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MERS In South Korea Is Bad News But It's Not Yet Time To Panic

A student wearing a face mask stands in a public square in Seoul on June 3. More than 200 primary schools shut down as South Korea has struggled to contain an outbreak of the MERS virus.
AFP/Getty Images
A student wearing a face mask stands in a public square in Seoul on June 3. More than 200 primary schools shut down as South Korea has struggled to contain an outbreak of the MERS virus.

Should the world be in a panic about MERS?

That's the global health question of the hour. South Korea is trying to get control of an outbreak of Middle East respiratory syndrome. Officials have now confirmed 30 cases of the disease and two deaths. One of the patients traveled to China and remains hospitalized there. More than 1,000 people are now under quarantine in Hong Kong, China and South Korea as a result of the outbreak.

There's fear that MERS could be the next SARS, the respiratory virus that swept through the region in 2003, claiming hundreds of lives.

Those concerns are probably overblown. But MERS is a hard disease to size up. There's a lot about it that's not yet known, including how exactly it spreads.

South Koreans are clearly worried. They're snapping up face masks to wear when they're out in public. But most people who've come down with MERS, both in Asia and the Middle East, did not get it walking down the street. Most got it in a hospital. Twenty five of the cases in South Korea are linked to a hospital that treated the country's first MERS patient late last month.

"It's not surprising that we see outbreaks in the health care setting," says
Michael Osterholm, the director of the Center for Infectious Disease Research and Policy at the University of Minnesota.

"When you [put] someone who's infectious with a respiratory illness in a setting where there are other sick people, unless you are able to completely control where the air goes from that [infected] person, you're likely to infect other people who are also sick and more likely to be vulnerable to the virus."

The country that's been hardest hit by MERS is Saudi Arabia. There've been more than 1,000 cases and 449 deaths there since the virus was first identified in 2012. And many of those Saudi MERS cases were contracted in hospitals.

But it's still not even entirely clear how the virus spreads. Is it airborne like measles, which can linger in a room for hours? Does it spread because virus particles cling to doorknobs or bed linens? One hospital in eastern Saudi Arabia had an outbreak that mainly hit people on dialysis.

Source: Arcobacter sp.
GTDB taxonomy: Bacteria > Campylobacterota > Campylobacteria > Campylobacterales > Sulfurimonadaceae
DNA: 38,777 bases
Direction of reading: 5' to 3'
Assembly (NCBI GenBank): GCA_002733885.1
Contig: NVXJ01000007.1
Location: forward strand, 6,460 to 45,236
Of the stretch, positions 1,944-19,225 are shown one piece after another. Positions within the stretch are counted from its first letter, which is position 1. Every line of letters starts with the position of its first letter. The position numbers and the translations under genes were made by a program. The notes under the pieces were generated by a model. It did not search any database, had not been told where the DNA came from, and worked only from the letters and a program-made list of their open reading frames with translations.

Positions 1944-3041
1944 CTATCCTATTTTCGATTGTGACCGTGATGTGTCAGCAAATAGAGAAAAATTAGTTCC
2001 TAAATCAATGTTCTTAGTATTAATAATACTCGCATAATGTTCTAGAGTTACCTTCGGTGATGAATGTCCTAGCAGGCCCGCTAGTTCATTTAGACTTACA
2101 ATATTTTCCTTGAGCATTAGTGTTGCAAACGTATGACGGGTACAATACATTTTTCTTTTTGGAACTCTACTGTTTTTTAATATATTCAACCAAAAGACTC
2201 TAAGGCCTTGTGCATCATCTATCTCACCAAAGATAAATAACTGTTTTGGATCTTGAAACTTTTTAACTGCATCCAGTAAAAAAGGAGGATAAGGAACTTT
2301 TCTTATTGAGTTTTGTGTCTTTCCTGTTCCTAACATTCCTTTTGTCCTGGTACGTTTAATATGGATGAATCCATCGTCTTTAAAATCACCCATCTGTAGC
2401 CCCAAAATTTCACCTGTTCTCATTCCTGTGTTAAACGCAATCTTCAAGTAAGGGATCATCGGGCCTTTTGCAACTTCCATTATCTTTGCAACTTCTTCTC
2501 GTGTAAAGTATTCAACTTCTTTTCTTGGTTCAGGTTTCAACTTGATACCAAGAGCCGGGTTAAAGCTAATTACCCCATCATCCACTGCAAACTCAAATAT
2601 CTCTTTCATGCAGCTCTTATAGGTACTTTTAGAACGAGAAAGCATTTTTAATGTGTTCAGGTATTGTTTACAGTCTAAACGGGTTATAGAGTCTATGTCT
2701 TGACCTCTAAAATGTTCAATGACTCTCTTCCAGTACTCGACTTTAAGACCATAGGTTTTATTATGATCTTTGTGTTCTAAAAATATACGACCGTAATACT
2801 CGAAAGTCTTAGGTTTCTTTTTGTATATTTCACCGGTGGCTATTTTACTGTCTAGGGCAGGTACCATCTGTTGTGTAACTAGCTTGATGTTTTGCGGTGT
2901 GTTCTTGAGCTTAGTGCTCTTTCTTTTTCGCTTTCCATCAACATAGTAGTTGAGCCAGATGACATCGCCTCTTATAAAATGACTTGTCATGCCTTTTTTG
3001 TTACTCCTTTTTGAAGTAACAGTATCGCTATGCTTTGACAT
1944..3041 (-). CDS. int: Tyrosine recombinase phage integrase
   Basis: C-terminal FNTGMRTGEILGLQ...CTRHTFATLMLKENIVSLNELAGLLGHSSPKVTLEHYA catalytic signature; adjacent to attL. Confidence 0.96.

Dr. Trish Perl, an epidemiologist at Johns Hopkins, investigated MERS cases at four Saudi hospitals in 2013.

"In healthcare settings we are commonly also doing procedures" — like putting a patient on a ventilator — that can generate of clouds of viral-laden particles that can be readily transmitted to healthcare workers or other patients.

What's unusual about the current MERS outbreak in South Korea is that it's so large. There have been other cases imported into Europe, the Philippines, North Africa and even two into the United States but no major outbreaks.

Perl says we don't know why the South Korean outbreak has been so large, in part because there hasn't been the funding, access or political will to study MERS.

"There's there's really minimal data about the epidemiology [and] the transmission dynamics of this particular organism," she says.

In other words, we don't know exactly how it spreads.

Perl says the public health measures the South Koreans are using — searching for people who may have been exposed, placing high-risk people in quarantine, isolating anyone who tests positive — should get this outbreak under control.

But what keeps her up at night is how little scientists know about MERS. Could the virus be mutating? Is there an effective treatment out there? Are some patients more contagious than others?

She hopes the current outbreak will motivate the global public health community to find answers.

Copyright 2021 NPR. To see more, visit https://www.npr.org.

Jason Beaubien is NPR's Global Health and Development Correspondent on the Science Desk.
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